Further disclosed is a method for assembling a set of tools in a bottomhole assembly (BHA) of a drill tubular having a drill bit. The method includes: disposing the set of tools in a first set of positions in the BHA; performing a modal analysis of the drill tubular to determine natural eigenfrequencies and corresponding eigenmodes of torsional oscillations of the model; selecting a predominant natural eigenfrequency and corresponding eigenmode from the determined natural eigenfrequencies and corresponding eigenmodes; performing a forced modal analysis of the model at the predominant eigenfrequency with a force or moment acting on the drill bit to provide a correlation between forced torsional deflection amplitude and position; comparing a vibration qualification of each of the tools in the set to the forced torsional defection amplitude at the predominant eigenfrequency for the corresponding position of each of the tools; and disposing the set of tools in a second set of positions in the BHA if the vibration qualification of one or more tools is less than the torsional deflection amplitude at the predominant eigenfrequency; wherein each of the tools in the second set of positions have a vibration qualification that is greater than or equal to the torsional deflection amplitude at the predominant eigenfrequency for the corresponding position.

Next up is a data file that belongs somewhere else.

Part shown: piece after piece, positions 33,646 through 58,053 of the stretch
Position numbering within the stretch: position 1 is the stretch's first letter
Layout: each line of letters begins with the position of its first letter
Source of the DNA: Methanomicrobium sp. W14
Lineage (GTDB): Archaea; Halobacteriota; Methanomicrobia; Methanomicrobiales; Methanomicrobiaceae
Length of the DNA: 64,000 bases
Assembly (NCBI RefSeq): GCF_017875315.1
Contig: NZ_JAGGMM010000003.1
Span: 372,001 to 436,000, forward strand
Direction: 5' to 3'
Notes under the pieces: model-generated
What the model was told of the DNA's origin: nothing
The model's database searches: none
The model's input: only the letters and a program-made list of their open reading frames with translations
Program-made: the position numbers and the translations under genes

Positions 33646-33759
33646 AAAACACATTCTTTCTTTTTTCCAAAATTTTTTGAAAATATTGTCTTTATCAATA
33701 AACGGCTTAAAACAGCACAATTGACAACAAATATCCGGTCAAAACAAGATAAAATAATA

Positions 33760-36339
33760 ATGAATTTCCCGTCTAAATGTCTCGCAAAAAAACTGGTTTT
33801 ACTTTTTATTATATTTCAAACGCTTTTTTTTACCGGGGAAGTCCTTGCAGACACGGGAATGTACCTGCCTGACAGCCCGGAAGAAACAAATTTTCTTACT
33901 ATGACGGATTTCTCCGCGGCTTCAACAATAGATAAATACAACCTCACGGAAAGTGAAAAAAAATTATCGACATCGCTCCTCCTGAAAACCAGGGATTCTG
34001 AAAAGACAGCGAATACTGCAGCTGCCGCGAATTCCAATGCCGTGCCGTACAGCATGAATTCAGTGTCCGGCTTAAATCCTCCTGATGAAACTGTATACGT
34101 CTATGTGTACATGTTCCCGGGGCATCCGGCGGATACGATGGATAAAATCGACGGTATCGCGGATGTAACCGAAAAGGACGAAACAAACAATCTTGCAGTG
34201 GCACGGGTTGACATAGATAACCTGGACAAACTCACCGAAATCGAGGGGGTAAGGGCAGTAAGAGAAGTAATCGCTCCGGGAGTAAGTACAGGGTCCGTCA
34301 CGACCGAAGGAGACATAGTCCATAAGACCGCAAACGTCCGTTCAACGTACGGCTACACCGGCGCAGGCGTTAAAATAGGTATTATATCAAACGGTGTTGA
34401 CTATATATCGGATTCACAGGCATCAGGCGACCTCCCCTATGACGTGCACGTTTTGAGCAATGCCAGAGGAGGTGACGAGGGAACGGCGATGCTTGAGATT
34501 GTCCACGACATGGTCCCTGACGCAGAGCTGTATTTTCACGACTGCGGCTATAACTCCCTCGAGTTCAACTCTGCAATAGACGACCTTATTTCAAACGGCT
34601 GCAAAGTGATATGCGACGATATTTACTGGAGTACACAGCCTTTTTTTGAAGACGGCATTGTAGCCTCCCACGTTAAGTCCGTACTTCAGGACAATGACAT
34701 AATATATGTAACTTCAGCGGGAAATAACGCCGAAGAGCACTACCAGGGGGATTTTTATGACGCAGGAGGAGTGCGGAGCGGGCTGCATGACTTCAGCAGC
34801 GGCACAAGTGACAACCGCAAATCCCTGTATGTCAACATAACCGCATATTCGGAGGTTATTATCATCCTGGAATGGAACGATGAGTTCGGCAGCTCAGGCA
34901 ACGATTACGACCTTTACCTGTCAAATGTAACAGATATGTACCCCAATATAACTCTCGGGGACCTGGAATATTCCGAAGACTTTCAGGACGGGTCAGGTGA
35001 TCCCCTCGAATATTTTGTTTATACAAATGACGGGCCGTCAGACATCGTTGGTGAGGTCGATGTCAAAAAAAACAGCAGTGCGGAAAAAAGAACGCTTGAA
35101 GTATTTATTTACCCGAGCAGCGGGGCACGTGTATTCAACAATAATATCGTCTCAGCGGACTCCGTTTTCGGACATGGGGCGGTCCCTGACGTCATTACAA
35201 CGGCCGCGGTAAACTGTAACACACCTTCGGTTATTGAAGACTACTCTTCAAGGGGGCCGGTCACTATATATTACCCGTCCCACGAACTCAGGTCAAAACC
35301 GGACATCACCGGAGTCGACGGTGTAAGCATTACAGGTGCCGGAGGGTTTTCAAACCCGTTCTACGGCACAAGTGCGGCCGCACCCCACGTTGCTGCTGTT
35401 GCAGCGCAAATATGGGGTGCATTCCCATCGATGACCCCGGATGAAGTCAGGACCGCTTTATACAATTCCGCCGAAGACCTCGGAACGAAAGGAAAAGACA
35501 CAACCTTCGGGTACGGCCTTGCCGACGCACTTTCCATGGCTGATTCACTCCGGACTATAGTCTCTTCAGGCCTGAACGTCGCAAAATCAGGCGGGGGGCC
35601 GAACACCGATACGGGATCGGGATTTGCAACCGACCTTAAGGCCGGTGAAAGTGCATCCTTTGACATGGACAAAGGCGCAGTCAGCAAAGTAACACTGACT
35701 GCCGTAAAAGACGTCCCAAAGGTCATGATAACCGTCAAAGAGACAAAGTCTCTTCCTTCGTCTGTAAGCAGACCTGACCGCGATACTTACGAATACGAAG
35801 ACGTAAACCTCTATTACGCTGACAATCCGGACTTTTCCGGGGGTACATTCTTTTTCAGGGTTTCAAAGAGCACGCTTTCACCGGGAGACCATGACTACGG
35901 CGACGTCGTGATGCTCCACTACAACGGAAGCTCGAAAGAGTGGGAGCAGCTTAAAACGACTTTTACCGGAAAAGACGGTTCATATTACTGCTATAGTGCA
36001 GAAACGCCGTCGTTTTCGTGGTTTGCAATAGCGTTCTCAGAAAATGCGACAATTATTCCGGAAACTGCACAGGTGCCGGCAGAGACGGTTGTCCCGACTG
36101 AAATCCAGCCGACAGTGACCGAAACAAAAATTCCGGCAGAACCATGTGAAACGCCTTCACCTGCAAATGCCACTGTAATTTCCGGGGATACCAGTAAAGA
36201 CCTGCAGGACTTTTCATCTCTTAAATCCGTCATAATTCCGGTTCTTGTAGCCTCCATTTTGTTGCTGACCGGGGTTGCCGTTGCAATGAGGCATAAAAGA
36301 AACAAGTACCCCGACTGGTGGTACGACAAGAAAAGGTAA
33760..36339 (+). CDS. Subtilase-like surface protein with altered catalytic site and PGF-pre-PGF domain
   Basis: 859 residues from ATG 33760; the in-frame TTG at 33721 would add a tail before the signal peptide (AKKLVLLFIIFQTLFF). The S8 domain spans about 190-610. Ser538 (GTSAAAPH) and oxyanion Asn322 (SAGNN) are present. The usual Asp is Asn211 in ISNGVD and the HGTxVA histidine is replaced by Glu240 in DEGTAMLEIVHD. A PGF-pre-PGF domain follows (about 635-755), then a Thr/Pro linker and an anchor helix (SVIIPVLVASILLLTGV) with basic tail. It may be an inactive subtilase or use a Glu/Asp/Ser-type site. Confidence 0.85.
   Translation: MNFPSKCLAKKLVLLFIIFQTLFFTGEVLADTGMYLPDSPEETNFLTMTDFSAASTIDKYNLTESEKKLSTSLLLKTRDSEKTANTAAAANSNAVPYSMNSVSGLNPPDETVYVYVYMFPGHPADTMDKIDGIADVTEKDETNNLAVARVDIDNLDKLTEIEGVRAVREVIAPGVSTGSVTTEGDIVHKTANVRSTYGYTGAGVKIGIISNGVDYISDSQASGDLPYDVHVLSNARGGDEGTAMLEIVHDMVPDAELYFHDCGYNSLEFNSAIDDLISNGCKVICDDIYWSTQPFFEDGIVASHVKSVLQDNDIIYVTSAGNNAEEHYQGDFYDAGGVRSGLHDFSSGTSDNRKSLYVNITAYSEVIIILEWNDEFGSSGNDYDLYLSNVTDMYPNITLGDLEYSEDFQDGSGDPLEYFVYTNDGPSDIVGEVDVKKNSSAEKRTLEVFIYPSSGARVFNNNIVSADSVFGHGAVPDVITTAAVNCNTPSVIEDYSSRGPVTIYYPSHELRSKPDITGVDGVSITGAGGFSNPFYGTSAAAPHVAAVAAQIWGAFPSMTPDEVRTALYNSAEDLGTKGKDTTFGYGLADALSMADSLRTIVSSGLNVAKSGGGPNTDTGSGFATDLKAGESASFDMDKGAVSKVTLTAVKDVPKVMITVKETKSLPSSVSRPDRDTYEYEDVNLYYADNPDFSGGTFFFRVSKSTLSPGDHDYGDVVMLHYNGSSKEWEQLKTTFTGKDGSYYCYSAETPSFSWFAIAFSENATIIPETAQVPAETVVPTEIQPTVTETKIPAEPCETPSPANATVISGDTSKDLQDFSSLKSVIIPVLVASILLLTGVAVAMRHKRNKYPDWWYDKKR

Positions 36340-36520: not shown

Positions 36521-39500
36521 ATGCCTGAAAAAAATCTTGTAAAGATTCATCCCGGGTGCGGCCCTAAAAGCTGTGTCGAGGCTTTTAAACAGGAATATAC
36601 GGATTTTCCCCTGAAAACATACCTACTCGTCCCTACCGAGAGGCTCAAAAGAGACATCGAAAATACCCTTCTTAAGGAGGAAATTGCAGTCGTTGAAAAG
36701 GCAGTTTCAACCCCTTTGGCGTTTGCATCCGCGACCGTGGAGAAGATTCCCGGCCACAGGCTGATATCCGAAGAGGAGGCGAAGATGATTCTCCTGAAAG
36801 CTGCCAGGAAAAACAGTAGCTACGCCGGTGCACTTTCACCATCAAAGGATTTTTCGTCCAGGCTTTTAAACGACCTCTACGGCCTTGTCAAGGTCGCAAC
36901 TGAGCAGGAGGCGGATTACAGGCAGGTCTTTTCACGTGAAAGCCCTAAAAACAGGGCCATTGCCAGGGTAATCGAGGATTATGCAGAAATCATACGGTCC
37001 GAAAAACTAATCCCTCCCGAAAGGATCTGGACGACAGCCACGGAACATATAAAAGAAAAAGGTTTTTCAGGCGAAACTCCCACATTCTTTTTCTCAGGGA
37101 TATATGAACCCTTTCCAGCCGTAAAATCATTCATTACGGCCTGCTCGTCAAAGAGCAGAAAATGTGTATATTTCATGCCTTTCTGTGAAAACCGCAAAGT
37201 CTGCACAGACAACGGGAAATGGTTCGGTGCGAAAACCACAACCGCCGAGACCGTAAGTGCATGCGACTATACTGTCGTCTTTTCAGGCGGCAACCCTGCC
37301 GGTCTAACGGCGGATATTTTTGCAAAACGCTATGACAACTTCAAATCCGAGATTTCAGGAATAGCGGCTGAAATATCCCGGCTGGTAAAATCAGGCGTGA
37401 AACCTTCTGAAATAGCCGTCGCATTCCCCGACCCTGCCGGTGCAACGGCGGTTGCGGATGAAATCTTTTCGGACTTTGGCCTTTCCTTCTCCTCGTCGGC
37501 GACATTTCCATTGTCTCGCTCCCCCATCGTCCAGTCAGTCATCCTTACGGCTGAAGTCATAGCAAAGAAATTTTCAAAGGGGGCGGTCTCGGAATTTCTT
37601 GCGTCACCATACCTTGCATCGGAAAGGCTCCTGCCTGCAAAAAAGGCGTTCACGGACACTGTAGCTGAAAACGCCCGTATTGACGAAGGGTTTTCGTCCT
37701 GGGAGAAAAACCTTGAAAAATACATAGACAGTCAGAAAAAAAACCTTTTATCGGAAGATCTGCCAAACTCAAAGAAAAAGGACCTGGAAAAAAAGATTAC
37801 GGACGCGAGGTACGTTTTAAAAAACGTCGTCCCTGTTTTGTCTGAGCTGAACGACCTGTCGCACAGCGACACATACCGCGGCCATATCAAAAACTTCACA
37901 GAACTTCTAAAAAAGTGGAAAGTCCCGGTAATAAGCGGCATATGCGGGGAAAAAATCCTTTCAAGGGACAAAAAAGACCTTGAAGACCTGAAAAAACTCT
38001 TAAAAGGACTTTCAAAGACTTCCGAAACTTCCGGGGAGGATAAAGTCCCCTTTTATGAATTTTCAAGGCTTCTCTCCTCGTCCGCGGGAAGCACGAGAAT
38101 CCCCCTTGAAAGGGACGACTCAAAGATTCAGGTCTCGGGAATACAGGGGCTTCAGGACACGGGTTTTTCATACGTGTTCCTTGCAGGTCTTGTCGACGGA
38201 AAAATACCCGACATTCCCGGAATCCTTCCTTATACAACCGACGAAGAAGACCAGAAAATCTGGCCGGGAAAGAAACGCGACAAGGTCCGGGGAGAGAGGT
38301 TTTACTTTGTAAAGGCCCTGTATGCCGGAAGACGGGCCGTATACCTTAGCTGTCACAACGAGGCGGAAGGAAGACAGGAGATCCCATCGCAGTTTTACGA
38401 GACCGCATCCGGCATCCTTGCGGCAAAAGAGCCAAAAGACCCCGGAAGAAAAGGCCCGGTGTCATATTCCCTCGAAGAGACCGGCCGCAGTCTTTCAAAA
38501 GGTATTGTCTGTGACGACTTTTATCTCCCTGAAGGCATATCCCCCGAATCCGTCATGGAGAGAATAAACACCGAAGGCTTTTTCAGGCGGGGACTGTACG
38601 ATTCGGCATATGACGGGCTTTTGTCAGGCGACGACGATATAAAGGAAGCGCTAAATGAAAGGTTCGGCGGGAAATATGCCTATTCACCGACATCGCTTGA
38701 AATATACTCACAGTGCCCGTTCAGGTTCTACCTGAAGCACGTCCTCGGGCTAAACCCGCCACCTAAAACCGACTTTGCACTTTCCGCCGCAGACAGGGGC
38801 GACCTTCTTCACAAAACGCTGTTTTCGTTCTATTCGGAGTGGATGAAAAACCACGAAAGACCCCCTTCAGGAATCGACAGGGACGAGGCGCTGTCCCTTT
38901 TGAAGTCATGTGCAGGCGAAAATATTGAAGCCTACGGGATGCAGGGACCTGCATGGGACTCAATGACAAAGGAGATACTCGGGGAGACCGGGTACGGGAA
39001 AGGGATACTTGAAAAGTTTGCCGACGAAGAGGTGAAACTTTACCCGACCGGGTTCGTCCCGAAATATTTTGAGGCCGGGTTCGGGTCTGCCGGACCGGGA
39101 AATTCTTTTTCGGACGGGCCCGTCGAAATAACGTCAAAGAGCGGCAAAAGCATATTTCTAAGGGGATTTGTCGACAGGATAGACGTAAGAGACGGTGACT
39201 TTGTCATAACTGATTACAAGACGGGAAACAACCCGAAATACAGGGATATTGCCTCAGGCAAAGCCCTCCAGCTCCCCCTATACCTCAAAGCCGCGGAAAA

The following descriptions should not be considered limiting in any way. With reference to the accompanying drawings, like elements are numbered alike:
A detailed description of one or more embodiments of the disclosed apparatus and method presented herein by way of exemplification and not limitation with reference to the figures.
Disclosed is a method for producing or assembling a bottomhole assembly (BHA) in a drill string. The resultant assembly of tools reduces the levels of high frequency torsional vibrations or oscillations (HFTO) to which one or more critical tools or tool components will be exposed. Operational reliability will be increased when each of the tools is qualified for the calculated HFTO at the position of the corresponding tool in the BHA.